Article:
“Children who are intimidated and terrorized by the violence of a father against a mother, you can imagine the anguish and suffering they endure always making sure that the delicate balance of anger isn’t upset,” she said.
Not relegated to a particular socio- economic group, domestic violence affects all parts of society.
Although violence is often deeply hidden within a family structure, evidence is often found while the court is conducting a study in preparation of a disposition.
“We want the children to be accountable for what they’ve done, we want the community to be protected,” Neale said. “But beyond that, to change any behavior, we need to know why these things occur. What we find out often, what we become aware of, is the terrible inadequacies of their lives.”
Parental involvement is instrumental in the rehabilitation of children who appear in the juvenile court.
“We have parents who will not invest themselves,” Neale said. “And then sometimes the children themselves are remarkable, given a chance, in what they can accomplish. But very often they have not had much encouragement of nurturing or protection in their own lives.
Historically there were periods of time in Michigan when children would remain in foster care for years, but in the 1980s a movement toward permanency in families resulted in a new child placement process, Neale said.
“The thrust of the law in this state has been family reunification as the main goal,” she said. “Permanency is also a state goal for children so they do not languish in the foster care system.
“A child who is delinquent is often a child who should have been protected at one phase.”
Lack of boundaries within a child’s life is often reflective in destructive behavior. So in assessing the severity of a juvenile’s offence, Neale tries to make the child accountable.
“I would much rather live in a community that made the possibility of change available than one that only uses punishment when there is transgression,” Neale said. “Certainly in punishment, accountability has to be built into each juvenile case that we have. With juveniles, we try to have them give back to the community and it makes them feel much better.”
Measuring the success of children who go through the probate system is difficult for those who work in it every day. But sometimes, something as simple as a phone call can put everything into perspective.
“I don’t evaluate success on whether or not I see a kid go to jail when he turns 17,” said Mikos, the extensive probation officer. “It’s when I hear from him five, six, seven years later and he tells me for some reason he found it important to call me and tell me something about what’s going on in his life.
“Those times are few and far between, but they do happen. And, I guess, it’s one of the few ways that we might be serving a purpose.”
Increasing violence on school grounds inspired Cheboygan County Probate Judge Joanna Neale to initiate a program teaching children conflict resolution skills.
Together Learn Compromise (TLC), a seven-week class held in a group format, is a pilot program provided through the Probate Court, said Grayce Gusmano, the special services director for the Cheboygan County Probate Court.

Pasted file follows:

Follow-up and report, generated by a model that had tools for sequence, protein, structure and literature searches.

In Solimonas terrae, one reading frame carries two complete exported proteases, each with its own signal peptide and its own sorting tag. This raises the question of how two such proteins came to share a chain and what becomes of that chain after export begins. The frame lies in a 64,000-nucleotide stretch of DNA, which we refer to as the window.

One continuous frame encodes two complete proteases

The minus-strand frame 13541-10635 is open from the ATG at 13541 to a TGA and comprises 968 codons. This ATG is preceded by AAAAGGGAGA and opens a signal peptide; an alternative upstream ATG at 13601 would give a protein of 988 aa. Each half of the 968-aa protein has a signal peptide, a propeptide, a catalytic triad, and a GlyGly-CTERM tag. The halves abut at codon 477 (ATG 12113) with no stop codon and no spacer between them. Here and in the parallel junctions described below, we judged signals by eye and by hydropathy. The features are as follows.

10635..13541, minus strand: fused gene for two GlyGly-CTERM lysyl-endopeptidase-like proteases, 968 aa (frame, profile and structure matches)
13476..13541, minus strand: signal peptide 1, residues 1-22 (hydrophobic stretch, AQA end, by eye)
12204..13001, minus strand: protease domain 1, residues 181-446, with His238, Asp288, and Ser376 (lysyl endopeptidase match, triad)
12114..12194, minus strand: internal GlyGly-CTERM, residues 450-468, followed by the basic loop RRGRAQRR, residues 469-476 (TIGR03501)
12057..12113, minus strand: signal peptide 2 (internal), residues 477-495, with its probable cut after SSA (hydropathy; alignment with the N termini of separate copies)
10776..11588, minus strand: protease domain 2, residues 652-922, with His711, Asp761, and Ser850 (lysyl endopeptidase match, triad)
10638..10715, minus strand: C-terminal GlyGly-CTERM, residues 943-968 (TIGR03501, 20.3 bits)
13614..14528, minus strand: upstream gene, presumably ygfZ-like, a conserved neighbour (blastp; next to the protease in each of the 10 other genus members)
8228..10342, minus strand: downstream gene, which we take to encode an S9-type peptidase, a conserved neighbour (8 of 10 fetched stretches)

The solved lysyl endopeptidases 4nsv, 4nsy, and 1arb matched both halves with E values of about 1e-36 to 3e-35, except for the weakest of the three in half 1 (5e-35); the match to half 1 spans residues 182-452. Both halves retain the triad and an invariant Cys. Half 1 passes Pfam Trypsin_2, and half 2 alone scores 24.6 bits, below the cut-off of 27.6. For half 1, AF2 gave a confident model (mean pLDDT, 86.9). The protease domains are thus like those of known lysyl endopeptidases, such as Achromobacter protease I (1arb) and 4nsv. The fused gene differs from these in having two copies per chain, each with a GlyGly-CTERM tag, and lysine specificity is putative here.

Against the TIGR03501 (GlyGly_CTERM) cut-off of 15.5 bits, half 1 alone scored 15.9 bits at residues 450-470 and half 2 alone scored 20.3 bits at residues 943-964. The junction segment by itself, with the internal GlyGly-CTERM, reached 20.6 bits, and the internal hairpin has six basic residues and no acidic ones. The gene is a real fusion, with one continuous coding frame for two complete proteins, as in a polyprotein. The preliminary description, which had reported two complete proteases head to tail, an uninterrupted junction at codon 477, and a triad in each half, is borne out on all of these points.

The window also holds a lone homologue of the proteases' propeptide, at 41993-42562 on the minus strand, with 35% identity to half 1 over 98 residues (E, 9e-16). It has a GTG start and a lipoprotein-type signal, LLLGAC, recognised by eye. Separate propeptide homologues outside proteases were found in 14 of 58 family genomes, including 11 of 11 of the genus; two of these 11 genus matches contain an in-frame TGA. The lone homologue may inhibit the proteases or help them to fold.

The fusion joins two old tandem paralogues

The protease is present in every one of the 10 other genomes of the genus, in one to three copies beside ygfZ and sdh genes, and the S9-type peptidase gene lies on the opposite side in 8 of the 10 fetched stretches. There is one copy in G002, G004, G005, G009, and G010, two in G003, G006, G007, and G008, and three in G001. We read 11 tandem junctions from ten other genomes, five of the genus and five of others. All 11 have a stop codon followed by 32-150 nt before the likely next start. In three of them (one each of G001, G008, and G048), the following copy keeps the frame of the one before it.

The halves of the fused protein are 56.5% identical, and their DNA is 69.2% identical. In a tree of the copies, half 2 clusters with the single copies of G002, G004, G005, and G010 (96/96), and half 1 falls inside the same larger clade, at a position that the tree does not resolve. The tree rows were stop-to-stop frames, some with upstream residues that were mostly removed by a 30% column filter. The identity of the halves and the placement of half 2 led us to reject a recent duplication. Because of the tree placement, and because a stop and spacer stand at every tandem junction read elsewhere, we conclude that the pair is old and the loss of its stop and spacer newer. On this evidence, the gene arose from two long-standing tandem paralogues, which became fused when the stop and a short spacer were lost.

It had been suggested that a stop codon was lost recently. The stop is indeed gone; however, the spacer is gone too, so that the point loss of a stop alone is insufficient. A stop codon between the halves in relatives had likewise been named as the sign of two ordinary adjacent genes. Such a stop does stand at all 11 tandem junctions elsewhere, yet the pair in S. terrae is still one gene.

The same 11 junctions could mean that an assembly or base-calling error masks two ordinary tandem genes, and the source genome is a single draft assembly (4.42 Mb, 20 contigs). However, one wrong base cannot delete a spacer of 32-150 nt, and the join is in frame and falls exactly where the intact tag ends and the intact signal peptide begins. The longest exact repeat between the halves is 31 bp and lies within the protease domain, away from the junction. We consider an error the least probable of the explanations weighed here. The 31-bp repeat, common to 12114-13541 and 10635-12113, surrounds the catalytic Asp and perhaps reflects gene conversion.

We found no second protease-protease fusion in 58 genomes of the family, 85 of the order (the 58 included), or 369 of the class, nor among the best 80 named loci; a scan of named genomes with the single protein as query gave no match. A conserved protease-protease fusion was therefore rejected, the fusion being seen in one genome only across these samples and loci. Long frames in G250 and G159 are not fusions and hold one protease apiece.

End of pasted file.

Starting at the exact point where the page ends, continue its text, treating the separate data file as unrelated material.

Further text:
Gusmano is affiliated with a Michigan State University extension program to do work with Judge Neale.
The social skills program, which targets several age groups within the Cheboygan and Wolverine school districts, promotes individual work with children aimed at helping youths to look at how they respond to peer pressure and decision making, Gusmano explained.
The TLC program also helps families with parenting skills while connecting youth and families with outside agencies for additional support or guidance.
Neale decided to start the program a year and a half ago when she noticed an increased amount of aggressive behavior by younger children in her courtroom. She then confirmed her impressions with school administrators.
A steering committee for the TLC program includes administrators from MSU and Cheboygan County schools, probate court employees, local family members and representatives from the Cheboygan Family Resource Center.
“As a result of these people coming together the probate court received a seed grant from the Institute for Children, Youth and Families, (located on the MSU campus) to look at the problem and establish the root of the aggressiveness, the extent of the problem and what can be done to address the problem,” Gusmano said.
The group determined the extent of the project needed in Cheboygan County and what solutions could be offered.
The steering committee’s research found an increased level of hostile behavior on the part of school children.
“We found that violent behavior within Cheboygan County isn’t as much of a problem as we see in urban areas downstate, but there was indeed an increase in aggressive behavior across the board,” Gusmano said. “Not just in dysfunctional families. Kids were exhibiting the use of hitting, biting and foul language to resolve conflict.”
Three areas came up in determining why the violent behavior occurred:
“This really made the steering committee realize there were some skills lacking,” Gusmano said. “The kids really need relationship building skills, skills to handle their internal conflicts and any conflicts generated by peer pressure or the external environment.”
The committee also recognized the need for skill building went beyond the at-risk students.
“Kids don’t grow up in a vacuum, they grow up in families, they grow up in communities and they are affected by schools,” she said. “We not only had to intervene in the life of the youth, but we had to do something for the lives of the families and the community at large.”
So the program included a component for families to teach them how to handle conflict at home, including discipline problems and learning how to fight fair.
Within West Side Elementary School, Principal Kay Tebo started a behavior reward program that recognizes students for good conduct. For instance, students who behave well may receive a token, such as a candy bar, as a reward.
While some students respond to the program positively, others find it difficult to stay in line.
“It’s almost because they haven’t had positive reinforcement before that they almost can’t deal with it,” said Tebo, who also serves on the TLC steering committee. “They’re not comfortable with the reward. They’re almost looking for someone to smack them up side of the head or do something in the way that they are used to people reacting to them.”
Your contributions help the Dart Center nurture informed, innovative and ethical news reporting on violence, conflict and tragedy worldwide.
The Dart Center is a project of the Columbia University Graduate School of Journalism.